• Positron emission tomography (PET), which uses radiation to provide pictures of brain activity 

• Psychiatric evaluation. This evaluation will help determine if depression or another mental health condition is causing or contributing to a person's symptoms. 

• Genetic tests. Some dementias are caused by a known gene defect. In these cases, a genetic test can help people know if they are at risk for dementia. It is important to talk with a genetic counselor before and after getting tested, along with family members and the doctor. 

• HBA1C Hemoglobin A1C blood test since Dementia is considered Type 3 Diabetes. We were the first to link Dementia with Type 3 Diabetes at our World Organization of Natural Medicine Conference 2006 in The Bahamas. (49).

According to researchers at Mayo Clinic's campuses in Rochester, Minnesota, and Jacksonville, Florida, recently participated in a multi-institution clinical study, testing whether a new insulin nasal spray can improve Alzheimer’s symptoms. “This study has furthered our understanding of the gene that is the strongest genetic risk factor known for Alzheimer’s disease,” says Dr. Guojun Bu, a Mayo Clinic neuroscientist. "About 20 percent of the human population carries this riskier form of [the gene] APOE, called the E4," says Dr. Bu. It's believed that more than 50 percent of Alzheimer’s cases can be linked to APOE4, according to the study, which was published in Neuron. 2017.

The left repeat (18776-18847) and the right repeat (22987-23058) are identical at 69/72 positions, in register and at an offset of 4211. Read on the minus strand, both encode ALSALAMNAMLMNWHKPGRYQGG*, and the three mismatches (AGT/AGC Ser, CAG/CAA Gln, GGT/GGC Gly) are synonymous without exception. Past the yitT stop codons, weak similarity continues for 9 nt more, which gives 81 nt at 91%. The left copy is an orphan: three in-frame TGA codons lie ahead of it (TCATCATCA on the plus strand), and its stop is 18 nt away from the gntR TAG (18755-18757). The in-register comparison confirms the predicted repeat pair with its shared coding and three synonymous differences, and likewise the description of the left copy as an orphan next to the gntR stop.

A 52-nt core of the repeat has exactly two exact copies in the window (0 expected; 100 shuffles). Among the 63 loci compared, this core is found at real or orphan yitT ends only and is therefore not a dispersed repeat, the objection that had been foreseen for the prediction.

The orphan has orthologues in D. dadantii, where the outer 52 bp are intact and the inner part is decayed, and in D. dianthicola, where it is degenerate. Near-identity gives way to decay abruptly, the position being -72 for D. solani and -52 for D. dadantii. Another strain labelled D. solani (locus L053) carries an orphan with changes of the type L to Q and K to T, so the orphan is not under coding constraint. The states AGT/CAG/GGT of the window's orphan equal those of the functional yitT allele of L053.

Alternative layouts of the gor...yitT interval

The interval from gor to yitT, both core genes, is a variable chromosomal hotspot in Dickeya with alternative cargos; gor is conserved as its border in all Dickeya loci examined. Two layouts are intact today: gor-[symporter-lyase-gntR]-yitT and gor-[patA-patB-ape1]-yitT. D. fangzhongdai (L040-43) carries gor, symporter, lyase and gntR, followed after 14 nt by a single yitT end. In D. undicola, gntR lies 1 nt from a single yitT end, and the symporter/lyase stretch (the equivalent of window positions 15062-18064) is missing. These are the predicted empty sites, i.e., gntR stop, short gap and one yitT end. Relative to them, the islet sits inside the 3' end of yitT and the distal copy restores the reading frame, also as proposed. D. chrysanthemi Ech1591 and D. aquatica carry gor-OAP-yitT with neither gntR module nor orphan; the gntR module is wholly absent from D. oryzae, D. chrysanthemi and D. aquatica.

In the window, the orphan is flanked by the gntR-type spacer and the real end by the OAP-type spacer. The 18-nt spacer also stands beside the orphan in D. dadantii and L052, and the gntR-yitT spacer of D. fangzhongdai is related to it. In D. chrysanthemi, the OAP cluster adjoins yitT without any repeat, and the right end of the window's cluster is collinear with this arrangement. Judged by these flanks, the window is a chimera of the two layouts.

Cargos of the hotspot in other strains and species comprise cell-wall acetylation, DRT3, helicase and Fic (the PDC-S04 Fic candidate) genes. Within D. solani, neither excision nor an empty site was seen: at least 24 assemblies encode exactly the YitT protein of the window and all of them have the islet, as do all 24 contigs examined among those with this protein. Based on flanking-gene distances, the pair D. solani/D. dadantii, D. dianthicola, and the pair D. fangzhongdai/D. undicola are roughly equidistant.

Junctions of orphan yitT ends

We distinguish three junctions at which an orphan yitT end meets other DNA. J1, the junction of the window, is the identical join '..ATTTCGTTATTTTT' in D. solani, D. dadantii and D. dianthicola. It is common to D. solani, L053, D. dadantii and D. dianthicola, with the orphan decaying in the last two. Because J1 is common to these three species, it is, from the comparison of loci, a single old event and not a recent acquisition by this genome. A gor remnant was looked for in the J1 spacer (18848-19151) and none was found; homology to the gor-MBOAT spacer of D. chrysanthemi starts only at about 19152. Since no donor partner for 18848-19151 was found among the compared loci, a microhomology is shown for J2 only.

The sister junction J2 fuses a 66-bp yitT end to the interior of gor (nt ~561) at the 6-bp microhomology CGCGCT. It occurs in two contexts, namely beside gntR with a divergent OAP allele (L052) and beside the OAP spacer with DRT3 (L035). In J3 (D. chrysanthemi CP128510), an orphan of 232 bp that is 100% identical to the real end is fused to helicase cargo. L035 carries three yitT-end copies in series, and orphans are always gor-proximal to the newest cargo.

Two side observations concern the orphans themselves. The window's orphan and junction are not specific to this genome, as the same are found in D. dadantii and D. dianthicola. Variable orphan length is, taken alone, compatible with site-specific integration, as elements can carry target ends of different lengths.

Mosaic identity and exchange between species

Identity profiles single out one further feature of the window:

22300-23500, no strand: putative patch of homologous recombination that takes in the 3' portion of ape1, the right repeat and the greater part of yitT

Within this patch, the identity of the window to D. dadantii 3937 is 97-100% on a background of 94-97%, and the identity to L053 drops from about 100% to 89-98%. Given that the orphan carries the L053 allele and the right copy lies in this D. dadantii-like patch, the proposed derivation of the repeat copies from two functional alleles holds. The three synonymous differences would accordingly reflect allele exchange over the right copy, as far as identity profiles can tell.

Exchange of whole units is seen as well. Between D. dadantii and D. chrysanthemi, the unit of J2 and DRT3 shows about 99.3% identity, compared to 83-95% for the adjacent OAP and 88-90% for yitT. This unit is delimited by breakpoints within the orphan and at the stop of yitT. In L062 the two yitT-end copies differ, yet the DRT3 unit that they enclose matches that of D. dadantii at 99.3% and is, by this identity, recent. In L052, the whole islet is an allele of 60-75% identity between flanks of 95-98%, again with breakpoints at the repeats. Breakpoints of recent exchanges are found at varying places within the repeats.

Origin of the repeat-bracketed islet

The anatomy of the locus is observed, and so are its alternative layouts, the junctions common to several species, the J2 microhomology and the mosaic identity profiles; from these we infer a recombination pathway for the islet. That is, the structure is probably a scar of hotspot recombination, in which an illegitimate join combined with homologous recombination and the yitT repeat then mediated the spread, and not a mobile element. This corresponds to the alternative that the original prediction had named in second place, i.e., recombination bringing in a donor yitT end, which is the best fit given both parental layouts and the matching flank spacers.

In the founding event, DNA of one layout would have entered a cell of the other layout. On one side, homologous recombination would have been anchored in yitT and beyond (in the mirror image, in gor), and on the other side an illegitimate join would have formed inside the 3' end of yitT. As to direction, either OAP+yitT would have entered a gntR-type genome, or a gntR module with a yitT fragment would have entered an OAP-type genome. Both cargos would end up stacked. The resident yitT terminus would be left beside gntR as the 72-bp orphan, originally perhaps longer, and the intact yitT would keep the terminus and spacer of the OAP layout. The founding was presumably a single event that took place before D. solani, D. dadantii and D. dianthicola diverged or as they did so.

Neuroplasticity is the ability of the brain to adapt and change. “Neuro” is for the nerve cells, or neurons, and “plastic” refers to the modifiable nature of our brain and nervous system. Neuroplasticity is the reason teachers teach and therapists treat. Because they see that with repeated exposure, practice, and attention, their students and clients learn and change; and so does their brain.

The adage, “You can’t teach an old dog new tricks,” doesn’t hold true with neuroplasticity. The brain is plastic at all ages, so we can continue to learn and create changes in our brains and nervous systems throughout our lifespan.

Ageing, genetic, medical and lifestyle factors contribute to the risk of Alzheimer’s disease and other dementias. Around a third of dementia cases are attributable to modifiable risk factors such as physical inactivity, smoking and hypertension. With the rising prevalence and lack of neuroprotective drugs, there is renewed focus on dementia prevention strategies across the lifespan. Neurologists encounter many people with risk factors for dementia and are frequently asked whether lifestyle changes may help. Exercise has emerged as a key intervention for influencing cognition positively, including reducing the risk of age-related cognitive decline and dementia.

Brain-derived neurotrophic factor (BDNF), or abrineurin, [5] is a protein[6] that, in humans, is encoded by the BDNF gene. [7][8] BDNF is a member of the neurotrophin family of growth factors, which are related to the canonical nerve growth factor. Neurotrophic factors are found in the brain and the periphery. BDNF was first isolated from pig brain in 1982 by Yves-Alain Barde and Hans Thoenen Thermotherapy & Bioacoustic therapy increases blood flow to the brain as well as BDNF that prevent Dementia & Alzheimer’s. (46).